Uttered Chaos Press, 2018, 80 pages, $19
As I often do when I start a book of poetry, I opened Judith Montgomery’s Litany for Wound and Bloom at random and dove in. The poems are startling and beautiful, standing on their own even without the arc of the arrangement, though that had its own pleasing form.
“Listen” drew me in first, repeating some lines like a refrain (if the moon had been tatter and fog… if I lived in green valleys of wheat), making the unfolding story even more appalling, like a lullaby turned horror story.
In the three evenly-divided sections – (Womb), (Word), (Witness) – which concern motherhood – all the joy and the pain, especially in our violent world, I found many deeply moving poems, some difficult to read because the pain is so vividly communicated.
While most of the poems are free verse, they are consciously shaped: often couplets, triplets or quatrains, with clearly much thought given to shaping lines in complement to the content.
A poet works to make form, word choice, and sound fly under the radar as we read, and yet it is a big part of what makes a poem memorable. Throughout the book, Montgomery creates musical arrangements (if the moon had been tatter and fog rather than if the moon had been tattered and foggy) in what seems an effortless, but very skilled, technique of creating rhythms and music in the reader’s mind. A mother’s tragedy seems more horrific for being described in this elegant way.
The first section (Womb) speaks of the longing for motherhood, the failure to achieve it, the success at last which carries its own fear and wounding. The poems helped me, a childless woman, to get a better sense of motherhood. I am sure it will resonate even more deeply with mothers. But more than that, these poems speak to how life wounds all of us, often in a place we’re most vulnerable:
each scar’s a scarlet witness on or
in the body, inscribing its stubborn
devotion: Hurt. Hurry. Heal.
(“Yet Praise the Scar”)
The details of menstruation, ovulation, conception are presented in lyrical terms:
…one packed golden drop releases, lit seed
slipping down the sleek chute until that fortunate
fall into the womb’s open heart…
Poems like “Expectant: I,” detail a different kind of anticipation and contribute to the deep exploration of this timeframe in many women’s lives. In addition, Montgomery explores this timeframe’s parallel to writing, summed up with the last line in this section: “All words uncoil to bloom in the womb of the poem.” Say that line out loud and you will hear some of the musicality this book contains.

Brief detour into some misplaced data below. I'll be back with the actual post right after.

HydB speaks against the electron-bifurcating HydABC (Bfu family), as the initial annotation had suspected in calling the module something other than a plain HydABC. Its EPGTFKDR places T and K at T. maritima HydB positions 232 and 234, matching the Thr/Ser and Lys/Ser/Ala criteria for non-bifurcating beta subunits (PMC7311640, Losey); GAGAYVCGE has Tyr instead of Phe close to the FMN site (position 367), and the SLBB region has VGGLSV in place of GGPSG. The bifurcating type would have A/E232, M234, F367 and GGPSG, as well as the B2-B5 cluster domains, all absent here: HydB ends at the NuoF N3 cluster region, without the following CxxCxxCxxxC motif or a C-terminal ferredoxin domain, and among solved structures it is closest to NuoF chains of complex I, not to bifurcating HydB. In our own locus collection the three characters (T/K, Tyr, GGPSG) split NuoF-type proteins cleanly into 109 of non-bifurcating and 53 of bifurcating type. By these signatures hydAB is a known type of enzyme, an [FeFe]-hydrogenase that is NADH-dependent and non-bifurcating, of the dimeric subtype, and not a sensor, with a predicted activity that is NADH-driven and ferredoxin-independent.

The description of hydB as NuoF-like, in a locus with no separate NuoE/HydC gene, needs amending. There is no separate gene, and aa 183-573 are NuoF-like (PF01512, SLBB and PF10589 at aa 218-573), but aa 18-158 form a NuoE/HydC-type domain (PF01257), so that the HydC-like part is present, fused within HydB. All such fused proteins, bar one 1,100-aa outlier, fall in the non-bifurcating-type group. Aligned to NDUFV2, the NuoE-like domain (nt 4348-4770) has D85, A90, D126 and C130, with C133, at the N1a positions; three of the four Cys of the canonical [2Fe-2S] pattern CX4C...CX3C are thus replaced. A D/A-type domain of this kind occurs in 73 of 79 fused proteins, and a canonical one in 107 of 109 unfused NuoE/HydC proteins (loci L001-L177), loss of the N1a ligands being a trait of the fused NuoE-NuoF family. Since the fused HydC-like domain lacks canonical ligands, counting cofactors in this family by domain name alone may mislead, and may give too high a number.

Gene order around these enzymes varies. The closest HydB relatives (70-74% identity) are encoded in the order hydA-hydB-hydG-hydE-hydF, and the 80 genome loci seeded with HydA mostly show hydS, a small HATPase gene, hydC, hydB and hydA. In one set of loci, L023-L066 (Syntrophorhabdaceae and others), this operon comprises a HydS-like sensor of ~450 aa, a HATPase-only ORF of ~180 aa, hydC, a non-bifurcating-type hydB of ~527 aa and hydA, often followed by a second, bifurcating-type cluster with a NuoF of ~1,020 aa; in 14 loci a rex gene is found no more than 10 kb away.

The second segment (Word) concerns many different women, individually and in groups. It is in this section that the title of the book seems most appropriate, because this is indeed a litany of wounding and also the blooming of women, real and mythological. For example, in “Black Seed,” the poet describes Persephone in haunting and multi-sensory triplets interspersed by strong single lines:
My right hand, reckless, sought a second
flamed bloom, its dab of deckled gold, its
bottomless black velvet cup. Dragon-
flies were gilding river air…
The poems describing the poet’s mother’s descent into Alzheimer’s employ symbol and detail to move the experience beyond the mundane. In “Sometimes,” she writes:
An indigo cloak clasped at her paper throat,
my mother is stepping
deep and deeper into a mute forest wing-lit with
birds, a basket of seeds
clutched in her hand. Once in a while, she
The last section (Witness) contains both poems of a deeply personal nature and those that touch on wider themes like war from a mother’s point of view. The section moves from a poem about a family’s pet burial ground to a courthouse where a teen is given into state custody to the speaker examining an oil painting about WWI. It links feelings of love and fear that mothers can’t separate. In “Bearing/Bearing Down,” the speaker says:
to be turned inside-out,
laid open for the universe to witness bairn emerge
from a body that was barren …
and in “A Blessing”:
… Child who
tore from my body, who blooms
now most beautiful…
The narratives in this section are gripping. “But You My Son” had me speeding through the first time as if it were a thriller. I was holding my breath as the nurse raced to the son’s apartment to try and revive him, not knowing if this poem was addressed to a living or dead son.
she gears through stop and flashing lights
to thrust the fail-safe key
into your apartment
lock, she bursts into the tossing dark
where the great factory
of your breath…
I appreciated the end-notes Montgomery provides as they give some background, and confirm some of my guesses, and also the acknowledgments. The latter offers a glimpse into the community of poets within which she works.
All in all, this is a rich collection of poems celebrating and lamenting women’s lives, with intimate glimpses into some of the deepest pain women endure, and full of vivid wonder at the miracle of birth, of life.
Catherine McGuire is a writer/artist with a deep interest in Nature, both human and otherwise. She’s had four decades of poetry in publications such as New Verse News, FutureCycle, Portland Lights, Fireweed, andon a bus for Poetry In Motion. She has four chapbooks out: Palimpsests (Uttered Chaos) and three self-published (www.cathymcguire.com). She also has a full-length book of poetry, Elegy for the 21st Century (FutureCycle Press) and a deindustrial science fiction novel Lifeline (Founders House Publishing). A new chapbook, An Inner Quicksand, will be published next year by Finishing Line Press, and more short stories and Lifeline’s sequel are due out from Founders House Publishing.